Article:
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Men’s football Newcastle fans need to open their eyes to the problematic Saudi takeover

LAYTH YOUSIF powerfully examines the problems with the Magpies’ takeover earlier this year, and the importance of fans learning about the injustices associated with Saudi Arabia

“Facts do not cease to exist because they are ignored.” 
― Aldous Huxley 

FIRST things first. Newcastle United’s loyal legions of supporters should not be expected to be the sole conscience when marshalling opposition to the Kingdom of Saudi Arabia.  

Of course, unthinking support and ignorance is never the answer, and those fans blindly embracing such a murderous regime are embarrassing as they are ignorant, no matter how alienated they felt under previous owner Mike Ashley.  

But why should fans be the first point of call when resistance is required — and the first to be denigrated by mealy mouthed politicians if such actions are not forthcoming — when battling murderous and oppressive rulers who have an appalling record on human rights, including the subjugation of women and the dreadful treatment of the LGBTQ+ community? 

In the first instance, it should be politicians — not football fans — who are beholden to apply pressure on a country that brutalises opposition, murders journalists and routinely beheads opponents. 

However, given the fact the Westminster government not only operates in a moral vacuum, but is incompetence personified — allied with a buffoon of a PM, who blatantly lies on a daily basis, and whose lack of leadership, absence of ethics and integrity and alarming failure to grasp details, is as embarrassing as it is damaging — means that a government that sells billions of pounds worth of arms annually to a country that denies freedom of expression, association and assembly, is in no position to stand up to a Saudi takeover of a moribund football club, let alone prevent it.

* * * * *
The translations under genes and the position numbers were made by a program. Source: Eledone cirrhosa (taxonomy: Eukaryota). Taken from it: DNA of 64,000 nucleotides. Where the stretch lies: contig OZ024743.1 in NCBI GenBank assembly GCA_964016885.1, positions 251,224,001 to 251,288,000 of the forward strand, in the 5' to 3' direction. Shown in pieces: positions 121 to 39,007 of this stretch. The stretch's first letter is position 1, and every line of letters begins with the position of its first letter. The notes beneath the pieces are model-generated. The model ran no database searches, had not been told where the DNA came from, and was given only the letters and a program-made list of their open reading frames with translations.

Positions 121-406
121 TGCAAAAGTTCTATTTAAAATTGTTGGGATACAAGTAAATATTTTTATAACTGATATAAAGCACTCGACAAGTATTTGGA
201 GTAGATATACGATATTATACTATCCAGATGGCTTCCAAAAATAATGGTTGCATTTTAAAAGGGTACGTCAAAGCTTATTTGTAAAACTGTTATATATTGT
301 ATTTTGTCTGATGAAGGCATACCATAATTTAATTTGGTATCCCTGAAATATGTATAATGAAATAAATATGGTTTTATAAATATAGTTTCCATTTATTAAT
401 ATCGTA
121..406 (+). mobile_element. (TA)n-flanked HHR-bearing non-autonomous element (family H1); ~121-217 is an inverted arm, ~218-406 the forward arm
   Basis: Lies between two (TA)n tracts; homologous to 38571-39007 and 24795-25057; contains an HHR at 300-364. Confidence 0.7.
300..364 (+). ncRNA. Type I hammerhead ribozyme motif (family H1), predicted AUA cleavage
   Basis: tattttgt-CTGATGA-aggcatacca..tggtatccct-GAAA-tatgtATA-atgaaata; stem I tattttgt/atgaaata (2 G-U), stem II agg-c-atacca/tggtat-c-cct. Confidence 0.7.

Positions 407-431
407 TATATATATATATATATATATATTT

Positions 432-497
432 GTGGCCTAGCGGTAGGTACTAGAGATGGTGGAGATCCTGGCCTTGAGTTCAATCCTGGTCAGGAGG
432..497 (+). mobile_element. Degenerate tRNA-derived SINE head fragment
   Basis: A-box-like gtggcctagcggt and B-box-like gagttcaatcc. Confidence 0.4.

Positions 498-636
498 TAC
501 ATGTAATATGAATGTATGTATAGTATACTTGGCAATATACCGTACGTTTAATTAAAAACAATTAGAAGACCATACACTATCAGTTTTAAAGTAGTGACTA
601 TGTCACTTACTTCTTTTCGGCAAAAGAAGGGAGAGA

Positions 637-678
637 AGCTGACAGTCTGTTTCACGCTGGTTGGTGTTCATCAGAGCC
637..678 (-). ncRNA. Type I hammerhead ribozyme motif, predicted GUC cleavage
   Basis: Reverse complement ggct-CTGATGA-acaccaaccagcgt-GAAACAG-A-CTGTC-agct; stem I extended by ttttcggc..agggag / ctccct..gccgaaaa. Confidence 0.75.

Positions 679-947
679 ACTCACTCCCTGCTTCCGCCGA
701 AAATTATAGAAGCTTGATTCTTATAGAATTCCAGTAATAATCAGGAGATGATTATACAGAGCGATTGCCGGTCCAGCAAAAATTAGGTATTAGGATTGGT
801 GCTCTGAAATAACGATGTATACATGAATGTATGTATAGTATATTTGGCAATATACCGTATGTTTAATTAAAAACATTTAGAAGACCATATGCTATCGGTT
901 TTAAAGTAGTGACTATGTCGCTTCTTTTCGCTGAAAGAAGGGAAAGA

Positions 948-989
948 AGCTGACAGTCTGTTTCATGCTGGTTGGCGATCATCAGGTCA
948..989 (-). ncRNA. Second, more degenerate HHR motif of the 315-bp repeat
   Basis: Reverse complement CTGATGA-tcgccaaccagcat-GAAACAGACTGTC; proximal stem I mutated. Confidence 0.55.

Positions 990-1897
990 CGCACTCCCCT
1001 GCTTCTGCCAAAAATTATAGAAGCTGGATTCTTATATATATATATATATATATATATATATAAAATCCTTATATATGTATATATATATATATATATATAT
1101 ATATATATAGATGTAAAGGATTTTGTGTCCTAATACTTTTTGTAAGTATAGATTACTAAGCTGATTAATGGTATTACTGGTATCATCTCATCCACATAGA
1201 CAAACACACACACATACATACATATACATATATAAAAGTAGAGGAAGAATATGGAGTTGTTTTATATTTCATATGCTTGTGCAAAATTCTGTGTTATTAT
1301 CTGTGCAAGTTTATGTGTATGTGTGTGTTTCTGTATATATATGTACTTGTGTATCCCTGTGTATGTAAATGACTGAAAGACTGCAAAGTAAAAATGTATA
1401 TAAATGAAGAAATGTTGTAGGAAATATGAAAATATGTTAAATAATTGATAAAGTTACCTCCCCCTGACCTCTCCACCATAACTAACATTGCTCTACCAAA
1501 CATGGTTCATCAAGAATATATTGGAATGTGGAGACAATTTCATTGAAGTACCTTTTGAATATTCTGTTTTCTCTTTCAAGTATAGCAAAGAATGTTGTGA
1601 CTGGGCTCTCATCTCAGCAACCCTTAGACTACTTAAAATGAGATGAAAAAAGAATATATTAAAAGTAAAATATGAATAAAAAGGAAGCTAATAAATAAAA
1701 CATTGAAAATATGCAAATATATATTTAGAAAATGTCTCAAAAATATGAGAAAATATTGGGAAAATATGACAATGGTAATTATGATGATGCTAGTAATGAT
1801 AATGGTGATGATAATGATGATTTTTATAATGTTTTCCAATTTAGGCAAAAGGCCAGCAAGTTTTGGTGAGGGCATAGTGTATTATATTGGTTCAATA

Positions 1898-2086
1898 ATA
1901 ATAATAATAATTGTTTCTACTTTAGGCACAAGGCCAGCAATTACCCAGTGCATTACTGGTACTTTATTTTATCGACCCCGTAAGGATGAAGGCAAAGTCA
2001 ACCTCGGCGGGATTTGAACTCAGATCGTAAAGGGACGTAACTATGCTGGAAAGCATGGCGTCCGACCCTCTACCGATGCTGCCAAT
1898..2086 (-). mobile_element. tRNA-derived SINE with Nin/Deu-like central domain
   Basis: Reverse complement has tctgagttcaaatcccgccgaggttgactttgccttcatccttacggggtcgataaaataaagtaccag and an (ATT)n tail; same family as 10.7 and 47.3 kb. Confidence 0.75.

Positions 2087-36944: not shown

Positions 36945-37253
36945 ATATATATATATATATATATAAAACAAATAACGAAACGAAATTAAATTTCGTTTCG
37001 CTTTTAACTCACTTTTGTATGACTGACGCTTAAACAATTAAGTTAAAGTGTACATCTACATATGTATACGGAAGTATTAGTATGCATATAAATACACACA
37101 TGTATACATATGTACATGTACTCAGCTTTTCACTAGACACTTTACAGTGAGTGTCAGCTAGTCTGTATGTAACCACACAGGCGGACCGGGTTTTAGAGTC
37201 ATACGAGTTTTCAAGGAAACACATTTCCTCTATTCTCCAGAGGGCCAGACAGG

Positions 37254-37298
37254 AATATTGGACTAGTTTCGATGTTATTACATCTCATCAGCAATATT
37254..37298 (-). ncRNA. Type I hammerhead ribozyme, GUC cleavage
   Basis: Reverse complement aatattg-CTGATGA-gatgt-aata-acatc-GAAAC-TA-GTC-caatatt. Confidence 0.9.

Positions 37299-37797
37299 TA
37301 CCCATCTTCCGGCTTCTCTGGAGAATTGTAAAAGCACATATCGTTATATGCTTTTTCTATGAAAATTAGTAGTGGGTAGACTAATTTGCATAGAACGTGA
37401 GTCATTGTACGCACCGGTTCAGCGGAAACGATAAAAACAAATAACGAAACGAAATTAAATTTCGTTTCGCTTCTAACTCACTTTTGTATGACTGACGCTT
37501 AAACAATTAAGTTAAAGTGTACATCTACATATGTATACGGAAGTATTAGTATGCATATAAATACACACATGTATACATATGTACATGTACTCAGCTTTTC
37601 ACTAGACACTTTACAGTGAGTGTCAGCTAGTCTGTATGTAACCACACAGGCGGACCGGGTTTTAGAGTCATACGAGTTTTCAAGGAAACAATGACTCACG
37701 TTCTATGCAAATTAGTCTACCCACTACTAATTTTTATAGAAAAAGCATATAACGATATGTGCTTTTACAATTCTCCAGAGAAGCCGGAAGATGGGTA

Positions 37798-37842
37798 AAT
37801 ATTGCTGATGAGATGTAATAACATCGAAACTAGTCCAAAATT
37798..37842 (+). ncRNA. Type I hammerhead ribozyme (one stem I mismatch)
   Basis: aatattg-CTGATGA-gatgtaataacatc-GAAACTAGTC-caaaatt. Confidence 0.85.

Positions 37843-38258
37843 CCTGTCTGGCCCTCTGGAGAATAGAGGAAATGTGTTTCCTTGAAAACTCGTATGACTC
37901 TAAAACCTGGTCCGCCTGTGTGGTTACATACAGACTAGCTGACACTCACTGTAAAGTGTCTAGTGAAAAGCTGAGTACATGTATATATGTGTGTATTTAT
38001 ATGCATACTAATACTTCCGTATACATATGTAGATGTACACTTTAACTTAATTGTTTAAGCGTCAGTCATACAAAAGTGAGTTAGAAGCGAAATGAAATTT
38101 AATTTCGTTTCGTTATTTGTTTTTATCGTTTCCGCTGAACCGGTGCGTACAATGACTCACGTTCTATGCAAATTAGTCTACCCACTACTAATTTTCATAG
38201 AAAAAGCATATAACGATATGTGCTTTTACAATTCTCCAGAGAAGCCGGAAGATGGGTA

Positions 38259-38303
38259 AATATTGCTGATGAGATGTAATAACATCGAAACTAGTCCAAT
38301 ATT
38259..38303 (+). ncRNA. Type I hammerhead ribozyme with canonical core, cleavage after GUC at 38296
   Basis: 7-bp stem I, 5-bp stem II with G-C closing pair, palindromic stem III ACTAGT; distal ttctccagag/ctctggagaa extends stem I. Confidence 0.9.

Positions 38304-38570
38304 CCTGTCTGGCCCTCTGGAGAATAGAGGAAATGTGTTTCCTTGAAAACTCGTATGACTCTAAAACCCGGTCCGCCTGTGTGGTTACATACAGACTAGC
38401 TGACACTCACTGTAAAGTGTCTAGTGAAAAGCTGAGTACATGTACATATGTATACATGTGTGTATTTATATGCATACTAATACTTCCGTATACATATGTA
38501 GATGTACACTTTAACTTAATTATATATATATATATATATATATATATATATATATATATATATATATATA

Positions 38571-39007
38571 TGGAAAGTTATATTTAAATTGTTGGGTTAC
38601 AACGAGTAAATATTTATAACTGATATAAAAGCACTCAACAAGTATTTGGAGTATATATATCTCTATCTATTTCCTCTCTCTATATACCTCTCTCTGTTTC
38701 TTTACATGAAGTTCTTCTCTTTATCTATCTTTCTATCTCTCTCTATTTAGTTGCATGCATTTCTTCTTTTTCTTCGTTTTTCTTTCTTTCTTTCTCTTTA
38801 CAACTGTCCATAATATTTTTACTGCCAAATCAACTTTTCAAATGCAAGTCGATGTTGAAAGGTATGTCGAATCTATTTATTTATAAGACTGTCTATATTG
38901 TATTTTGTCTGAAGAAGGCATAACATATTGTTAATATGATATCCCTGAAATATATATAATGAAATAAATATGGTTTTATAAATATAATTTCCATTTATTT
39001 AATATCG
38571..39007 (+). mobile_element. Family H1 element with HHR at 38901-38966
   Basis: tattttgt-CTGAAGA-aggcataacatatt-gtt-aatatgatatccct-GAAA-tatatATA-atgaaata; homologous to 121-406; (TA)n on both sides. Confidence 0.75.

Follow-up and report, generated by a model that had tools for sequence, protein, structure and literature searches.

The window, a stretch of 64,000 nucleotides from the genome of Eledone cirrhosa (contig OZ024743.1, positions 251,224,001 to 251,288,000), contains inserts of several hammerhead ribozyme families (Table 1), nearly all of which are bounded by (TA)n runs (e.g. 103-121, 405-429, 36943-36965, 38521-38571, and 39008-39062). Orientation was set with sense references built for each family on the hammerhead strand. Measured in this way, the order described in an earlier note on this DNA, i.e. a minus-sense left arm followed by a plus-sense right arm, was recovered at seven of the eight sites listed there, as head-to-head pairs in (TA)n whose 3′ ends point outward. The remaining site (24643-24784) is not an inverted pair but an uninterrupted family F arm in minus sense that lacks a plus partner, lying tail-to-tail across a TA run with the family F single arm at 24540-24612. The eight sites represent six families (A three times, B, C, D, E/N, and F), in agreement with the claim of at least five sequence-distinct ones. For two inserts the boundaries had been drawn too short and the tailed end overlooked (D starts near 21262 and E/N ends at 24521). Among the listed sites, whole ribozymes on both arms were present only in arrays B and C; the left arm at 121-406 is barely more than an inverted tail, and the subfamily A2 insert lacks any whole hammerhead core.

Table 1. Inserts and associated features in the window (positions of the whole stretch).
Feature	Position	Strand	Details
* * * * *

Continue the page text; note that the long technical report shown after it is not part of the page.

Discounting amoral politicians, nor should the spotlight necessarily fall on fans, when weak and inept football administrators and bodies allow such a takeover to occur.  

The fact is, sports’ decision makers turned a blind eye to a culture that treats minority groups with persecution and constant injustices, and allowed the Saudi takeover to proceed. 

So, when the Newcastle United roadshow rolls into north London on Saturday lunchtime, when the Magpies take on Arsenal at the Emirates, no-one should expect fans to conduct boycotts and protests, or wave banners and chant ditties opposing the club’s owners, even if some do.  

Of course, it would be wonderful if supporters did publicly raise aversions to such an unpalatable ownership, the way Crystal Palace fans did when they played the north-easterners at Selhurst Park recently. But fans of either side should not be condemned for a failure to do so. 

Not when the Saudi juggernaut has got this far.  

However, and make no mistake about this: What should be made explicitly clear is that opposition to a murderous regime and unconditional support of your own football club is not mutually exclusive.